Under Florida law the record expungement definition can be described as the process that people who have been arrested (or received a Notice to Appear) use to have their criminal record made a non-public record. This process is effective in eliminating most hurdles a criminal record may have on a person’s ability to work, live, and seek higher education.
The standard expungement comes in two forms, a record expungement and a record sealing. Both achieve the same goals. For any differences between them, follow the link below.
The Expungement Definition
Although expungement defined as making a public record into a non-public record is valid, the law actually goes much further than that. Florida has a very expansive public records law and making something non-public is a pretty big deal.
However, it also provides benefits to you, such as the ability to deny the arrest ever occurred, penalties for disclosure by government agencies, destruction of records, etc.
Criminal Record Expungement Defined
Wikipedia defines an expungement in this way:
In the common law legal system, an expungement proceeding is a type of lawsuit in which a first time offender of a prior criminal conviction seeks that the records of that earlier process be sealed, thereby making the records unavailable through the state or [governmental] repositories. If successful, the records are said to be ‘expunged’.
The Florida Department of Law Enforcement says:
Florida law, Section 943.053, Florida Statutes, makes adult criminal history records public, with special provisions for access, unless the record has been sealed or expunged. A sealed record is placed under highly restricted access. An expunged record is removed from record systems or files and destroyed (also called expunction). The law currently provides several means to seal or expunge certain categories of Florida criminal history records (both adult and juvenile). The records may include arrests, charges and case dispositions.
(See FDLE Page)
The Florida Attorney General has put these expungement definitions out there:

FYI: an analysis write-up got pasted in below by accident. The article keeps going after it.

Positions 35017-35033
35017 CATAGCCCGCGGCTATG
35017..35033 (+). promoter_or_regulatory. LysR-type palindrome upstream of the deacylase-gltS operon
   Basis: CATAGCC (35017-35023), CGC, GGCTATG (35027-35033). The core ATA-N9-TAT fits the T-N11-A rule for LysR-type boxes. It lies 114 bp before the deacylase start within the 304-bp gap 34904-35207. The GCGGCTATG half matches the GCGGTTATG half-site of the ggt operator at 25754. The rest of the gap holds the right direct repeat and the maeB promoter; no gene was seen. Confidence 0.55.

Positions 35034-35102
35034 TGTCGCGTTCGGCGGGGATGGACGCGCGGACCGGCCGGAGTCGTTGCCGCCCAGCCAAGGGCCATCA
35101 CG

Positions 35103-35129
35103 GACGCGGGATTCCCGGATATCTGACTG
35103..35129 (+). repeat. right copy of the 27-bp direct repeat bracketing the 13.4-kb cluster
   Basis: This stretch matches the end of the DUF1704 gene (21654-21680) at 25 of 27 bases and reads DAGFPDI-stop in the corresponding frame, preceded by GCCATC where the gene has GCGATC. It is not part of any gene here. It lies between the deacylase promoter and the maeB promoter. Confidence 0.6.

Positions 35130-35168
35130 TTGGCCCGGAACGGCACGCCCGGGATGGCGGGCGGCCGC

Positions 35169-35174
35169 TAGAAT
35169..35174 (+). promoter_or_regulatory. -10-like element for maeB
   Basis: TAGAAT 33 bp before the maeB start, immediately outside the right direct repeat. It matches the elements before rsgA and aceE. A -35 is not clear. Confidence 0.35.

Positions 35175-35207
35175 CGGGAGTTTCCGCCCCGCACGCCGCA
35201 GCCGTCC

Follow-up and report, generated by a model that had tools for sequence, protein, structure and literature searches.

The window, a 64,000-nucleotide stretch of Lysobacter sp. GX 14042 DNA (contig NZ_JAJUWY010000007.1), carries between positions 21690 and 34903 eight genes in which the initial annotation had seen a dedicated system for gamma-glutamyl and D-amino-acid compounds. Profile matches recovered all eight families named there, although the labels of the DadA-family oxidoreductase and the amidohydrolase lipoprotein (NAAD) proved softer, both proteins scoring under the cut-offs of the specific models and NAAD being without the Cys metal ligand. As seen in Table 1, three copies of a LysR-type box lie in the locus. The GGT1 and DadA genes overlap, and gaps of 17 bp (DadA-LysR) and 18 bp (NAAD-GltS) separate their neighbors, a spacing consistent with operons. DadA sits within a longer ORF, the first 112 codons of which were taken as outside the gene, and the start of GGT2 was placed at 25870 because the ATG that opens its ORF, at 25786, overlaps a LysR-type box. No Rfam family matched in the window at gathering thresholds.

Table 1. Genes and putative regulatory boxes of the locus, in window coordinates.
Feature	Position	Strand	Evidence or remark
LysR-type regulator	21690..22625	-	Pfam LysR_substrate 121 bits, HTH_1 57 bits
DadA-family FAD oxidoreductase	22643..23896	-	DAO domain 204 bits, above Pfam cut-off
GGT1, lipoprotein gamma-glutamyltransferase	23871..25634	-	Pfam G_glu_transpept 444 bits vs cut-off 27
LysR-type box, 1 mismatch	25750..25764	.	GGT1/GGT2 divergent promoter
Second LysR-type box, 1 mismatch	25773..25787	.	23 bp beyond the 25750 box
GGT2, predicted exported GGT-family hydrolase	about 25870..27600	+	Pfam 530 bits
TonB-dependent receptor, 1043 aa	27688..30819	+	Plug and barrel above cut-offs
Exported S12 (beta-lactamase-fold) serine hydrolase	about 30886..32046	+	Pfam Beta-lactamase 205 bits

AGO 75-29, February 12, 1975: Public records and the definition of expunge – Attorney General Opinion. Question whether the term expunge meant the literal destruction of records or removal of all references to the defendant and sealing of remaining record if needed in the future. Answer was that expunge meant physical destruction of records.
AGO 2000-16, March 8, 2000: Criminal history records, expungement – Question: What information in a criminal history record is subject to expungement and to what extent must the record be obliterated or destroyed in order to satisfy the requirements of section 943.0585, Florida Statutes? The information that must be expunged is information maintained by the criminal justice agency identifiable to the individual’s arrest, detention, indictments, informations, or other criminal charges and the disposition thereof.
A sealing or an expungement changes your arrest record from a public record to a non-public record and restricts (seal) or destroys (expunge) that physical records maintained by the government.
How Private Companies Define Expungement
Private companies that collect public records and then sell them are not ordered to remove the information they have. However, the defense they use for selling such personal records about us is that all the records are public records.
Public records are available to anyone. Therefore, private companies not only have a defense to this seemingly invasion of privacy – they have a legal one. However, once a record is no longer a public record by law, their legal defense vanishes.
Their expungement definition is simply a record that they should no longer be selling for fear of a lawsuit. Once notified they usually take that information out of their database.
Why You Want To Expunge Or Seal Your Record Now
The reason you want to take advantage of this law today is the fact that it is subject to change. Today, an expungement defined as noted above could be changed by the legislature tomorrow. Every so often, additional crimes are added to the prohibited list of those that cannot be removed. See if you qualify:
When you decide to expunge or seal your record, it is how the law defines expungement at the time you petition the court that matters – not what it was when you were arrested.
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